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Poster

Decreased detectability of targets in non-stimulated regions of the visual field

MPG-Autoren
http://pubman.mpdl.mpg.de/cone/persons/resource/persons83879

Deubelius,  A
Department Physiology of Cognitive Processes, Max Planck Institute for Biological Cybernetics, Max Planck Society;

http://pubman.mpdl.mpg.de/cone/persons/resource/persons84063

Logothetis,  NK
Department Physiology of Cognitive Processes, Max Planck Institute for Biological Cybernetics, Max Planck Society;

http://pubman.mpdl.mpg.de/cone/persons/resource/persons84218

Shmuel,  A
Department Physiology of Cognitive Processes, Max Planck Institute for Biological Cybernetics, Max Planck Society;

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Zitation

Deubelius, A., Logothetis, N., & Shmuel, A. (2005). Decreased detectability of targets in non-stimulated regions of the visual field. Poster presented at 28th European Conference on Visual Perception, A Coruña, Spain.


Zitierlink: http://hdl.handle.net/11858/00-001M-0000-0013-D4D5-A
Zusammenfassung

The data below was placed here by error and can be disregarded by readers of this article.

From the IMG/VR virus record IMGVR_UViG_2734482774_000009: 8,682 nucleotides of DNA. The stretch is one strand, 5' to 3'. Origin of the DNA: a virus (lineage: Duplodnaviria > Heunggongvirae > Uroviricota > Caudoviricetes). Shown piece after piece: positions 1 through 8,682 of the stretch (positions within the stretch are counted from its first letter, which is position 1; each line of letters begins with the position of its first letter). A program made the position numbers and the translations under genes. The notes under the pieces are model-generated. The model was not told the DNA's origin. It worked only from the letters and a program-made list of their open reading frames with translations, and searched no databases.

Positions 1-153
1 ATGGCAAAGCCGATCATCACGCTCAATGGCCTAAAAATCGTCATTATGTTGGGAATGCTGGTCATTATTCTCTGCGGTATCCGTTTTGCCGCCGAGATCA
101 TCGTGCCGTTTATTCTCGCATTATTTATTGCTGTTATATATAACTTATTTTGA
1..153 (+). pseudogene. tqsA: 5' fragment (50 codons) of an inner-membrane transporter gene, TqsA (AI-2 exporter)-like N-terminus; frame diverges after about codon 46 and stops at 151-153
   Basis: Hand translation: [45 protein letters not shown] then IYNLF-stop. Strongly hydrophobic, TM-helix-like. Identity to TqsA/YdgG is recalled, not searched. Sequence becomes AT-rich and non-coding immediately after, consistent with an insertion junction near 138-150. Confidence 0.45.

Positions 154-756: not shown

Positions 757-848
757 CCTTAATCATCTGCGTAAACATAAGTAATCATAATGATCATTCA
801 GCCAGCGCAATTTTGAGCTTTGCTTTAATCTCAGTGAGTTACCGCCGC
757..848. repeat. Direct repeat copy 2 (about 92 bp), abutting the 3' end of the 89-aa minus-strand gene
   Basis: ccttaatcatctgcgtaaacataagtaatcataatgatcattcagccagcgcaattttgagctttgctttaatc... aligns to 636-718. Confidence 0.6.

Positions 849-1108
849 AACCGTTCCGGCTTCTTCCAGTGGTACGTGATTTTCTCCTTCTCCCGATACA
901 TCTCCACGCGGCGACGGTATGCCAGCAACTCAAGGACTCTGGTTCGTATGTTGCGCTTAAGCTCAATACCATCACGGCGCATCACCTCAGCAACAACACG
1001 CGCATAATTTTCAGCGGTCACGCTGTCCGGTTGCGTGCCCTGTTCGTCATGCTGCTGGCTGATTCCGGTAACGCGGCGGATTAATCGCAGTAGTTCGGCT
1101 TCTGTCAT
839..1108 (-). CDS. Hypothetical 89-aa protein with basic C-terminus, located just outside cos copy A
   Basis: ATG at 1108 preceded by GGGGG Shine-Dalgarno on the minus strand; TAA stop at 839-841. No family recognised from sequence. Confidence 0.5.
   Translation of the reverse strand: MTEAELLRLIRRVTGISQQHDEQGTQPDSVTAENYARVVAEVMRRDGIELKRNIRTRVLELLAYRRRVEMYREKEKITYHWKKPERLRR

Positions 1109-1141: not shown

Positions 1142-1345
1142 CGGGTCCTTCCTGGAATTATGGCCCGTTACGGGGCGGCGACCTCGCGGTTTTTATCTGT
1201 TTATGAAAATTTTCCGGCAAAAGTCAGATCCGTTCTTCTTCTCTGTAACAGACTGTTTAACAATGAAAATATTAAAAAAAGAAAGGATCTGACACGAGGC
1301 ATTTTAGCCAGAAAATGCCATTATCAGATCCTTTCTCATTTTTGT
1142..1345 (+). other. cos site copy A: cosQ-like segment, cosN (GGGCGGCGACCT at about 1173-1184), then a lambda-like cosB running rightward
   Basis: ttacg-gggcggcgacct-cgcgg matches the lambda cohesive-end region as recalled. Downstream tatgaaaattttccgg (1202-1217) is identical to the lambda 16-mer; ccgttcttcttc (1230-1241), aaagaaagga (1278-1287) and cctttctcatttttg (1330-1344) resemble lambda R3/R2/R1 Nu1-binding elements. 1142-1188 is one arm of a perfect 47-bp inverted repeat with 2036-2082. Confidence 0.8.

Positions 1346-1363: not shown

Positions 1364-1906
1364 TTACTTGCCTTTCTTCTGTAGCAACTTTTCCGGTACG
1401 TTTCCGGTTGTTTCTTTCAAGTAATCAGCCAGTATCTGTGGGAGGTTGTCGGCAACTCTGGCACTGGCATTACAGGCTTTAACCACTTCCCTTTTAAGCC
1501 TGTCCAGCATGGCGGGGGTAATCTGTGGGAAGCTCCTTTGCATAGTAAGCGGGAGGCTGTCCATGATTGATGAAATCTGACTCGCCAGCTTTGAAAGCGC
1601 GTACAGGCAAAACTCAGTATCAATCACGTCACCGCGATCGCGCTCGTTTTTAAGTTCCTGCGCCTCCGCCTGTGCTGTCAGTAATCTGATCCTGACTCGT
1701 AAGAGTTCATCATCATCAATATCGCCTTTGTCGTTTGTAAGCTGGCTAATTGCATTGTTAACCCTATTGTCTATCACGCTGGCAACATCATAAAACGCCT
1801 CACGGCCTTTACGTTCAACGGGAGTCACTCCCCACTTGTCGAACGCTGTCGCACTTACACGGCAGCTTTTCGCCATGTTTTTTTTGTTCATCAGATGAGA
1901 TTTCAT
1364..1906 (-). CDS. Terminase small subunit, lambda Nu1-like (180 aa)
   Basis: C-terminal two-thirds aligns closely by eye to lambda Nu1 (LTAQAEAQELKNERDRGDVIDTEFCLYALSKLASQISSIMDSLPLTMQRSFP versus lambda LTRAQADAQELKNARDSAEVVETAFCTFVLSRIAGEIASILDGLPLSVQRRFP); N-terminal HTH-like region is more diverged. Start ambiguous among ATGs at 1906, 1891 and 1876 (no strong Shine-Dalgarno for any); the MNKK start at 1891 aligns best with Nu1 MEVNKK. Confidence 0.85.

Recent fMRI studies demonstrated negative BOLD response beyond the stimulated regions within retinotopic visual areas (Shmuel et al, 2002 Neuron 36 1195 - 1210). It has been suggested that this negative BOLD response is a reflection of automatic withdrawal of attention when a large stimulus is presented in the visual field (Smith et al, 2004 NeuroReport 11 271 - 277). We investigated psychophysically whether stimulating large parts of the visual field significantly impairs the detection of a small target stimulus in the non-stimulated parts of the visual field. In half of the trials subjects had to detect a Gabor patch (target) of full contrast, presented either centrally (2 - 4 deg) or peripherally (8 - 10 deg) relative to a rotating checkerboard ring (stimulus) with an eccentricity of 4.5 - 7.5 deg. In the other half of the trials, the subjects had to detect the target in the central or peripheral region in the absence of the stimulus. Fixation had to be maintained on a spot in the centre of the screen. The target was presented at random orientation, time, and location within the central or peripheral region. Subjects indicated the detection of the target by pressing a button. We observed that the reaction times in both the central and the peripheral region are higher when a stimulus is presented than when no stimulus is presented (centre: p < 0.001, two-tailed paired t-test; periphery: p < 0.001, two-tailed paired t-test). Our results suggest that stimulating a large part of the visual field might cause automatic withdrawal of attention from the non-stimulated parts of the visual field.